The Blanket

The Blanket - A Journal of Protest & Dissent

Federalism

 

Michéal Mhá Dúnnáin • 24 August 2006

In the past the idea of a federal republic of Ireland was considered a purely republican ambition, one can go back to the early 1970s when Daithi O' Connell revealed his plan for a federal Ireland. This plan was generally given credence by loyalist paramilitaries, but was totally rejected by the so called constitutional parties of the day namely the SDLP and the Unionist party. If they had embraced the idea a lot of lives would have been saved, but because they thought they knew better the conflict continued, the rest is history.

Now we have Michael Gillespie's articles on federalism as if it is something new and republicans never thought about. I think he should read Éire Nua. The only difference been that he proposes that federalism take place within a united kingdom context and total recognition of the British culture, this republicans have always acknowledged from the onset. It is failure of the British culture to fully accept the existence of Irish culture as been equal that has proved to be the stumbling block .

In a federated Ireland unionists would properly muster up to 30% of the seats in any federal assembly and senate. In a state or provincial assembly unionist would also have a majority even within a nine county Ulster. This would give them a great deal of power and influence over legislation in a federal Ireland instead of the less than 1%. they have at present in the english house of commons, of course unionist will always point to their close relationship with the conservatives and the influence they can exert in times of crises to influence policy in favor of the union. but this only happens once in a blue moon, instead as Gregory Campbell stated recently the electorate would have to accept the ups and downs of been part of the UK within the E.U and basically accept their lot with regards to funding, rather than presenting an unified (United Ireland) case to justify greater funding and thus representing their constituency as elected representatives should. They could represent their constituency more to what their needs required rather than relying on political favors from their british masters. In the E.U for example under a federal Ireland the north would be entitled to vastly more european aid than at present.

Of course how a federal Ireland is made up would be the result of REAL negotiation among the parties involved (i.e a two state federation or a provincial federation). A referendum could be held to see if Ireland should rejoin the commonwealth of nations, it should be remembered that de Valera was opposed to leaving the commonwealth in 1946 but because of the rules that prohibited republics from been members of the commonwealth, the republic of Ireland was forced to leave, not until India gained independence and the rules changed were republics permitted to remain within the commonwealth of nations.

Not all commonwealth members recognize the crown as the head of state, nominal or otherwise. So this should not be and issue. To use the crown as a bribe for a united Ireland does not fully respect the ideals of what true independence is about. This idea that the crown should be nominal head of state again shows Mr Gillespie's lack of respect of Irish culture with regards to been treated equal. Ireland can have close relations with it neighbors across the Irish sea within the commonwealth of nations and E.U if the electorate so decide.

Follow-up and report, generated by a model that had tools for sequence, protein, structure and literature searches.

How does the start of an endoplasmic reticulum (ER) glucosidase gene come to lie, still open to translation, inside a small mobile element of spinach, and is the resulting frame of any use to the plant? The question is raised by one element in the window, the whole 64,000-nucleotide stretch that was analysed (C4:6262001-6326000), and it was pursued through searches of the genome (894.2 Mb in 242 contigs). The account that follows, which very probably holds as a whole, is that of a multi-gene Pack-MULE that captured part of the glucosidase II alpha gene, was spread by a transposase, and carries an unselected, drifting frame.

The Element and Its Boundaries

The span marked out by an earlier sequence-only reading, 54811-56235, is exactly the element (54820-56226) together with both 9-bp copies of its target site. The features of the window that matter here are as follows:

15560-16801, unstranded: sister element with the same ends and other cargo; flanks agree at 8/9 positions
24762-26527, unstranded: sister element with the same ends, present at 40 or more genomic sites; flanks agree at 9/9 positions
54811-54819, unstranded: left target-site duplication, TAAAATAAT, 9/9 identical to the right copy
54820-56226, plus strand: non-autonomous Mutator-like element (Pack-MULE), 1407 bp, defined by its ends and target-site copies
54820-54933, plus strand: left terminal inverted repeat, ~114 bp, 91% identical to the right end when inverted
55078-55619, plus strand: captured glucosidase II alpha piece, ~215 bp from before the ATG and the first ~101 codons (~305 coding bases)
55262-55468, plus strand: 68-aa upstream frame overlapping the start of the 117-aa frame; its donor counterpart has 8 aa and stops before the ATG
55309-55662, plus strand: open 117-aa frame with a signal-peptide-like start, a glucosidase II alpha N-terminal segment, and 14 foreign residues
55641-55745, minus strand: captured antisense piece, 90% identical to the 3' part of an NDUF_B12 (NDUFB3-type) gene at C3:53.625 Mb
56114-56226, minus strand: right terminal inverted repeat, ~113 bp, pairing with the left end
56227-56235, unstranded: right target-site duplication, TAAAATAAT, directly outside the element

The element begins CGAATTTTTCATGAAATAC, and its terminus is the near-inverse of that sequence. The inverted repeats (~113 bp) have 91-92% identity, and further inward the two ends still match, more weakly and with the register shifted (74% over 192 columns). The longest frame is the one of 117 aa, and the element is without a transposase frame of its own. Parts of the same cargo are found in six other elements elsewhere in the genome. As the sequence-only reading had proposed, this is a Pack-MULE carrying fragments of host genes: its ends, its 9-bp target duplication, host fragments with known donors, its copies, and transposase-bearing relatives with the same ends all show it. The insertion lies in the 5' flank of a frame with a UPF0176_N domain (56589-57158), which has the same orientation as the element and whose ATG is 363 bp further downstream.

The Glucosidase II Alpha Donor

I believe that unionists should enter into talks that will lead them to take a greater role in the role in Irish politics rather than been a kept culture at the behest of the english. Whether this leads to a federal Ireland who knows, but what we need is some form of united states of Ireland that respects each culture equally and benefits its people and communities rather than using religion to gain political points and inciting sectarianism and then claim these people are not true unionists like jack boot unionist do.


 


 

 

 

 

 

 

 

 

 

 

 

 

 

 

 

 

 

 

 

 

 

 

 

 

 

 

 

 

 

 

 


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Index: Current Articles



27 August 2006

Other Articles From This Issue:

The Price of Our Memory
Anthony McIntyre

In the Balance
John Kennedy

The Time for Revolutionary Marxism is NOW
Darren Cogavin

No! To A Holy War
Liam O Comain

Rendition Collusion
Eoin McGrath

Rendition Flights
John Kennedy

An Open Letter to Martina Anderson
Dr John Coulter

An Honest Writer: Cristóir Ó Floinn
Seaghán Ó Murchú

A Dual Presidency: An Improbable Solution to the Irish Problem
Michael Gillespie

Federalism
Michéal Mhá Dúnnáin

Petition Calling for a Referendum on Irish Unification
Patrick Lismore

Federal Unionism—Early Sinn Fein: Article 5
Michael Gillespie

Federal Unionism—Early Sinn Fein: Article 6
Michael Gillespie

Number Crunching
Dr John Coulter

PFI Ventures Show the Con in all its Sordid Splendour
Anthony McIntyre


21 August 2006

Throwing the Book at Gerry
John Kennedy

The Man With the Planter Name
Liam O Comain

Diplock Delay Equals Justice Denied
Martin Galvin

Kevin Lynch, INLA Volunteer
Ray Collins

1981 Hunger Strike Commemoration in Chicago
Richard Wallace

The Question of Paisley's Legacy
Dr John Coulter

Turf War
John Kennedy

Eoin O’Duffy’s biography by Fearghal McGarry
Seaghán Ó Murchú

The Proclamation to Me
Mick Hall

Federal Unionism—Early Sinn Fein: Article 3
Michael Gillespie

Federal Unionism—Early Sinn Fein: Article 4
Michael Gillespie

House on Notting Hill
Dr John Coulter

Courage, Muslim Leaders
David Adams

Middle East Conflict Has Abandoned Rules of War
Anthony McIntyre

A Warning From History
John Kennedy

Cartoon Commissar
Anthony McIntyre

The Letters page has been updated.

 

 

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